conservation management in africa
© Andreas Zeitler |

CEO Kaddu Sebunya and David Williams of the African Wildlife Foundation, explain the harnessing technological advances to improve conservation management in Africa

Africa’s conservation lands–protected areas and private conservancies–face significant and accelerating threats. Expanding foreign direct investment targeting natural resource extraction and a burgeoning human population that is expected to double to two billion by 2050 have increased pressures to convert conservation lands to other uses such as agriculture and mining.

In addition, sophisticated, well-armed poaching syndicates decimate wildlife populations to meet a surge in demand for wildlife products ranging from ivory and rhino horn to pangolin scales and lion bone. These three-pronged challenges have led to rapidly declining biodiversity across the continent and the world over, as evidenced by a recent United Nations report that stated that one million species are at danger of extinction, many of them in the next few decades.

It is against this backdrop that managers charged with protecting conservation lands operate. They usually have a small, under-resourced ranger force and are charged with protecting vast, often inaccessible territory. Worse, their ‘situational awareness’ –current knowledge of wildlife and threat locations and movements–across these expanses is limited or dated hampering decisions on where and when to direct their rangers and other management assets.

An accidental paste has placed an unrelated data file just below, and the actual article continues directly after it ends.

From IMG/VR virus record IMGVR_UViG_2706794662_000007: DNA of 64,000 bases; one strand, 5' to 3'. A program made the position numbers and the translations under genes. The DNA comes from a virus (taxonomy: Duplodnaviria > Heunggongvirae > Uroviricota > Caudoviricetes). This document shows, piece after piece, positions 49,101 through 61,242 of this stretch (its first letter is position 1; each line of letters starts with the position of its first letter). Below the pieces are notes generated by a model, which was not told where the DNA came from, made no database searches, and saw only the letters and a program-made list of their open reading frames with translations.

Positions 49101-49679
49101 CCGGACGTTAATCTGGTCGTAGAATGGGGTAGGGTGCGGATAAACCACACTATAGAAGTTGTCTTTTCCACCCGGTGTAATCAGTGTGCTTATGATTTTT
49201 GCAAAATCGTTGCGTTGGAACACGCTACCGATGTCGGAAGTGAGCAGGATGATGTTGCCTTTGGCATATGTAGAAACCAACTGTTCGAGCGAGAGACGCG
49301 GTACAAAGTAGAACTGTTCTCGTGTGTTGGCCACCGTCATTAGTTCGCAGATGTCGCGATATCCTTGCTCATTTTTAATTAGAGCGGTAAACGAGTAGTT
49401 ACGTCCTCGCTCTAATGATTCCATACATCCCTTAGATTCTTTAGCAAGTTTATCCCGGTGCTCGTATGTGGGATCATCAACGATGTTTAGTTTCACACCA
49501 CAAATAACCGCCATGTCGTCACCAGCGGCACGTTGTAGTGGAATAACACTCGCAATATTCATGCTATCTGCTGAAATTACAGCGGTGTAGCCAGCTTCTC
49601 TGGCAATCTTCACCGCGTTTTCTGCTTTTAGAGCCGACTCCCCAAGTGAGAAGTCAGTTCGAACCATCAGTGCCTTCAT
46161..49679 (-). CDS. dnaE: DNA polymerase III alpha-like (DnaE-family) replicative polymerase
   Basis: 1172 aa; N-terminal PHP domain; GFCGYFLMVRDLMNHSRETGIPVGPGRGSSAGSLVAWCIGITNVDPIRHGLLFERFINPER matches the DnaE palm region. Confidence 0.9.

However, recent technological advances have played a major role by contributing new eyes to monitor threats to wildlife and their habitats, therefore improving situational awareness and helping managers maximise use of their rangers. Here I present an example from African Wildlife Foundation’s (AWF) work in Central Africa.

Bili Mbomu

Only 25 rangers protect the 11,000 km2 Bili Mbomu section of the Bili-Uélé protected area complex in remote northern Democratic Republic of Congo (DRC). While dedicated, the force is 61 times smaller than the International Union for Conservation of Nature IUCN recommended size leaving Africa’s largest population of eastern chimpanzee (Pan troglodytes schweinfurthii) and significant elephant (Loxodonta sps.) and lion (Panthera leo) vulnerable. Up until 2015, Bili Mbomu was a ‘paper park’ with no rangers in a lawless frontier and subject to exploitation from mining, logging and the infamous Lord’s Resistance Army seeking ivory to fund its operations and arms purchases.

When the Institut Congolais pour la Conservation de la Nature (ICCN), the government institution tasked with protecting DRC’s wildlife, set up in Bili, the warden, or, conservateur, had little idea of the distribution of wildlife and threats in the region.

Filling the knowledge gaps